Spring Semester Entrance Ceremony 2019.4.3
Today, I would like to warmly welcome and congratulate all the new students enrolled at Hiroshima University. I am pleased to be able to celebrate this memorable day here with you as the President of this university and one of its alumni. I would like you to express your gratitude to your families and to those related to you who have given you support and encouragement on numerous occasions.
It is now less than a month before the Crown Prince of Japan is enthroned. The era of Heisei is coming to an end, and a new era of Reiwa begins. How wonderful for you to be starting HU in this commemorative year. I would like all of you to be proud of having been enrolled to HU from today.
This year marks a milestone for HU as it is the 70th anniversary of HU since its foundation.
Hiroshima University was established on Hiroshima land that was completely destroyed by the atomic bomb. Mr. Tatsuo Morito became the first President of Hiroshima University after resigning from his position as the Minister of Education. He was the author of our university’s founding principle: “a single unified university, free and pursuing peace.” Hiroshima University had nine predecessor schools; the most of any of Japan’s national universities. These comprised Hiroshima University of Literature and Science, Hiroshima Higher Normal School, Hiroshima Normal School, Hiroshima High School, Hiroshima Higher Technical School, and Hiroshima Prefectural Medical School, and so on. One of the origins of HU goes back to Hakushima School, which was founded in Meiji 7 or in 1874.
While maintaining such tradition, Hiroshima University intends to cultivate “peace-pursuing, cultured individuals with an international mindset and a challenging spirit.”
New students are required to take “Peace-related subjects,” which include the topics of War, Conflict, Nuclear Disarmament, Poverty, Environment and Religion, among others. Students are encouraged to analyze and think about peace from these points of view. Through these subjects, I hope that you will learn the importance of peace and discover what you can do to contribute to the realization of world peace.
In addition, from mid-April we will be launching a series of special lectures entitled “Spread your wings around the world with a Liberal Arts education.” We have invited a range of notable public figures as guest speakers. They include Dr. Kenichiro Mogi, Brain Scientist, Dr. Yuji Ikegaya, Professor of the University of Tokyo, Mr. Saburo Kawabuchi, first Chairman of the Japan Professional Soccer League, and Ms. Michie Nakamaru, an opera singer, who will be performing in the mini-concert today. I am certain that the talks of these excellent lecturers will provide you with inspiration and guidance for when you encounter unexpected problems in future.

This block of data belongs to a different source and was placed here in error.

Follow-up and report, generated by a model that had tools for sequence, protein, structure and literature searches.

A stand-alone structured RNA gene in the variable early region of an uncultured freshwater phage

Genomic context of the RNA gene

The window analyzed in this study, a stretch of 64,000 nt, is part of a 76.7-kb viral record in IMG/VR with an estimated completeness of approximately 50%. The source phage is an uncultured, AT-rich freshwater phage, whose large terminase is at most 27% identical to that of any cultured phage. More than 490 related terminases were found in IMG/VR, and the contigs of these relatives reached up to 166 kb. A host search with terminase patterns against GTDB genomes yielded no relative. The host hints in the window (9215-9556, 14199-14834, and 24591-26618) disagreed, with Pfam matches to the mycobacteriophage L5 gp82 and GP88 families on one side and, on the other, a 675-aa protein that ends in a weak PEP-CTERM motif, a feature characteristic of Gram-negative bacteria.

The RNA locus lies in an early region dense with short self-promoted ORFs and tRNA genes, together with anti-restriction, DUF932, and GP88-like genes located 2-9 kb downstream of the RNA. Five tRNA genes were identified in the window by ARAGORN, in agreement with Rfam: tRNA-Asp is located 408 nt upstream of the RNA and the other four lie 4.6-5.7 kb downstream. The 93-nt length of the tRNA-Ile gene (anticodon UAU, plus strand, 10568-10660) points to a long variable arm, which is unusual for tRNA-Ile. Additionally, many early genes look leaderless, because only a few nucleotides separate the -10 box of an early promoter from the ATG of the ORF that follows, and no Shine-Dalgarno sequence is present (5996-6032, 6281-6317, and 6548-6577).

HU currently has about 15,000 students in total, including about 2,000 international students from 74 countries/regions. The university is one of the 22 universities in Japan, which has become part of the Program to Promote the Enhancement of Research Universities, and one of the 13 Type A (Top Type) universities under the “Top Global University Project.” In addition, the university’s “The Frontier Development Program for Genome Editing” was one of the 15 programs of 13 universities that was adopted by the WISE (Doctoral Program for World-leading Innovative & Smart Education) Program, with HU being the only one in the Chugoku-Shikoku District. This goes to show that the research quality at HU is highly regarded by MEXT.
While the advancement of scientific technology can drastically improve people’s quality of life, there has been a growing concern about the negative impact of such development on health and safety. Typical examples of such concerns include the development of nuclear weapons, or “the birth of the genome-edited baby” in recent years; the latter is seen as a development which has promoted an increase in distrust of cutting-edge technology. HU intends to maintain an open dialogue with the public, while squarely dealing with the safety and ethical issues of new science and technologies.
What follows is a part of the statement from the “1st Conference for Scientist in Kyoto” held in 1962. Japanese scientists, including the Physics Nobel laureates Dr. Hideki Yukawa and Dr. Shinichiro Tomonaga, called for this conference in Kyoto, with a view to creating an era of peace for the world.
“Science has always contributed to humankind by discovering truths that underly the world in which we live. However, not everything that is technologically feasible in science is desirable for human beings. For scientific discoveries to serve only the wellbeing and peace of humankind, then everybody including scientists must make a perpetual effort to prevent misuse and abuse.”
More than half a century has passed since this statement was made, but surprisingly it does not sound outdated even today. I would like to commit this statement to the hearts and minds of those present here today who are about to become students at HU.
Precisely because we are living in an age of revolutionary change, I believe it is necessary for everybody at HU to consider both “how” (the methods) and “why” (the reasons). All members of the Executive, of the various faculties and of the administration at HU are keen to unlock the future of our university by moving forward hand in hand with you all to bring about a “University of world-wide repute and splendor for years into the future.”
By wishing all of you a fruitful and enjoyable student life ahead, I would like to conclude my ceremonial speech today.
3rd April 2019
Mitsuo Ochi, President of Hiroshima University